དམ་པའི་དོན་ནི་ཤེས་རབ་ཆེ་བ་དང་།
རྟོག་གེའི་ཡུལ་མིན་བླ་མའི་བྱིན་རླབས་དང་།
སྐལ་ལྡན་ལས་འཕྲོ་ཅན་གྱིས་རྟོགས་པ་སྟེ།
དེ་ནི་ཤེས་རབ་ལ་ནི་ལོ་རྟོག་སེལ།།


"Absolute Truth is not an object of analytical discourse or great discriminating wisdom,
It is realized through the blessing grace of the Guru and fortunate Karmic potential.
Like this, mistaken ideas of discriminating wisdom are clarified."
- (Kyabje Bokar Rinpoche, from his summary of "The Ocean of Definitive Meaning")

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Re: What place does pilgrimage have in Buddhist practice?

Post by DNS » Wed Mar 07, 2018 6:30 pm

Sentient Light wrote:
Wed Mar 07, 2018 5:35 pm
The 72-foot tall statue of Avalokitesvrara in Sugar Land, Texas is a sight to behold, and really unlike anything else you can find in North America. https://en.wikipedia.org/wiki/Tuong_Phat_Quan_Am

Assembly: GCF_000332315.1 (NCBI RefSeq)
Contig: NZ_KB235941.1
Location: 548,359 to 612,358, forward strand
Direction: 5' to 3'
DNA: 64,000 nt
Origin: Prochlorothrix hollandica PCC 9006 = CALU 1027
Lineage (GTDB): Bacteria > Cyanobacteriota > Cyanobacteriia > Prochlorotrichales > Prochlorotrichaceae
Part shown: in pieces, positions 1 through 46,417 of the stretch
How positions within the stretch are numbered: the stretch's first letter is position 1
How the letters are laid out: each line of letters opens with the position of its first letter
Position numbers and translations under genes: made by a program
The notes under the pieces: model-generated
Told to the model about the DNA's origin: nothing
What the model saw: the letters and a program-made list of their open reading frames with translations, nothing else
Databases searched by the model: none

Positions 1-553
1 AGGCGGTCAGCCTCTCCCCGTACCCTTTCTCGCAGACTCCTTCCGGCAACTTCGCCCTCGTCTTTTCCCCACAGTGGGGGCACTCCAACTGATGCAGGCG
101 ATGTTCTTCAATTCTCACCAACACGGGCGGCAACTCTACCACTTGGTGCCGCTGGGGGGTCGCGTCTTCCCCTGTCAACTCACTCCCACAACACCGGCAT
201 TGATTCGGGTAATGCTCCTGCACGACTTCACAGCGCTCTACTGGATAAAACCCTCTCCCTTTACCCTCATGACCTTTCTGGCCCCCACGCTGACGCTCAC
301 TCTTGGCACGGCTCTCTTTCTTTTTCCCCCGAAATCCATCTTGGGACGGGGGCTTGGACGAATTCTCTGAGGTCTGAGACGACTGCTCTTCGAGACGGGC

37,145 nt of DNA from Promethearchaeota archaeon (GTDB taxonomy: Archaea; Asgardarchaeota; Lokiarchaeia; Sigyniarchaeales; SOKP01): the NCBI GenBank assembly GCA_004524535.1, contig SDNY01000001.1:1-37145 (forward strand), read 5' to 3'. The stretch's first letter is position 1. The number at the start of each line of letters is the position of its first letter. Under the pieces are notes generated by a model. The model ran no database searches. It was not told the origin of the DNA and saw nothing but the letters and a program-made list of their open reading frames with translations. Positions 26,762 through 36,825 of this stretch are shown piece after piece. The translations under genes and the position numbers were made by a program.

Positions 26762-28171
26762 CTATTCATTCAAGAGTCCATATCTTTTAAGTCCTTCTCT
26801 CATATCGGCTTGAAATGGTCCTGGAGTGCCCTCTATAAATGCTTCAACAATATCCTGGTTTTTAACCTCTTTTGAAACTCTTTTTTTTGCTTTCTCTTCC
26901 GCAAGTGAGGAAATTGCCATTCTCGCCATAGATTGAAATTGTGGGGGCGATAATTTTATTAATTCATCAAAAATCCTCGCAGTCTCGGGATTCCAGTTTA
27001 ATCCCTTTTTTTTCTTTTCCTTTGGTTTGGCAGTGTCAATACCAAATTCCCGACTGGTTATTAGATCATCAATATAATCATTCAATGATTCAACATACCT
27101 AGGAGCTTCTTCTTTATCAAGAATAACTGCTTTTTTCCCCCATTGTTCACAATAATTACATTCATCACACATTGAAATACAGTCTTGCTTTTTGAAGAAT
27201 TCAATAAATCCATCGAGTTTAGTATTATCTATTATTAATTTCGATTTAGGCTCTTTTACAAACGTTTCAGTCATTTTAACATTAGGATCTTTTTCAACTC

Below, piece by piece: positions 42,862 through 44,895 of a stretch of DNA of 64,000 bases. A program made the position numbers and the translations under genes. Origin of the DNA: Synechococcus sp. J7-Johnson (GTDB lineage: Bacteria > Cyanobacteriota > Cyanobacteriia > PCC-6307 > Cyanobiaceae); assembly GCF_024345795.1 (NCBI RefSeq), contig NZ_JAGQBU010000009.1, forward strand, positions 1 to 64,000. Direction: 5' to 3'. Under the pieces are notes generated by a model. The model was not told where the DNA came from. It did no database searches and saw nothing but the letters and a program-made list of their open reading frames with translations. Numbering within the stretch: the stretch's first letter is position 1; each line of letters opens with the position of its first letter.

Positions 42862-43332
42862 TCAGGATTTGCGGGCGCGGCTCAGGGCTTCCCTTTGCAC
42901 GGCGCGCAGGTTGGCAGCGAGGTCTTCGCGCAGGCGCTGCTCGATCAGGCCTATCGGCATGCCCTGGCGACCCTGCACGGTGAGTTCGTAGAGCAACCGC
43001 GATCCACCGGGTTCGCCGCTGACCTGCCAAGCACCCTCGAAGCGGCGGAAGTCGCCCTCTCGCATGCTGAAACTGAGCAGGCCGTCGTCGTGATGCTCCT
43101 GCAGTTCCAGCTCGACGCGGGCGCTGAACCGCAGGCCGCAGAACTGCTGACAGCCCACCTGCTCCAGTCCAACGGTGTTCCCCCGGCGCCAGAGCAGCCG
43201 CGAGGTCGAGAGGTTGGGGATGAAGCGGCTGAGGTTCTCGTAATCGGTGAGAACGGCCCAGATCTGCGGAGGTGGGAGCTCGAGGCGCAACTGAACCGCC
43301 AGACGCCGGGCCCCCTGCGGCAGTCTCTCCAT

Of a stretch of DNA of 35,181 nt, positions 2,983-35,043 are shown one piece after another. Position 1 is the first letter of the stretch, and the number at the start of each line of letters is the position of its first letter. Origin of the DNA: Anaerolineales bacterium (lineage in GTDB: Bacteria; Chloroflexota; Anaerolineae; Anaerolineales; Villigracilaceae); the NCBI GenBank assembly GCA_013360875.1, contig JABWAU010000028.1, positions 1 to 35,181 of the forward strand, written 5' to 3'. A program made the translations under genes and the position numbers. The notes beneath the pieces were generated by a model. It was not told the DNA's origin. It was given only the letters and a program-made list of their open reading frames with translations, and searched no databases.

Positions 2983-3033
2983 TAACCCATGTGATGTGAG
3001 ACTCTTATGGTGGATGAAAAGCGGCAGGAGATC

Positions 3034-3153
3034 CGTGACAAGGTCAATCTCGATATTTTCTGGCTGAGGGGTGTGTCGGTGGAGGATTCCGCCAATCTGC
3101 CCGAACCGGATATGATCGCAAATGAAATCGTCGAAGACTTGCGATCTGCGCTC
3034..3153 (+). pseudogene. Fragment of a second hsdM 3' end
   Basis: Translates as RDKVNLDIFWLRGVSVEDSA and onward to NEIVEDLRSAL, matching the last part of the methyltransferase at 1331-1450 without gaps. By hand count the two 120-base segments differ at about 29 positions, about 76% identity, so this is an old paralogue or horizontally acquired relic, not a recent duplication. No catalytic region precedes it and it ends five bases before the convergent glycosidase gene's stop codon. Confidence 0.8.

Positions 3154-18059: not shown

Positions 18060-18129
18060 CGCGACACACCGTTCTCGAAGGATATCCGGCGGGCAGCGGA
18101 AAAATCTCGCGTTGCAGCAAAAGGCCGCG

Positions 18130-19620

Interesting that you mention that statue in Sugar Land, Texas. In my earlier post I mentioned how the U.S. is about exactly the other side of the globe from India, so decided to look up the exact spot which is exactly the other side of the globe and it turns out to be not too far from Sugar Land, Texas.

Sugar Land Texas is:
Coordinates: 29°35′58″N 95°36′51″W

And Maha Bodhi Temple, India is:
coordinates: 24.6959° N, 84.9911° E

85 degrees East (MBT) + 95 degrees West (Sugar Land) = 180 degrees

And then the coordinates north of the equator are also very similar.

The exact spot appears to be some spot just East of Brownsville, Texas in the Gulf of Mexico.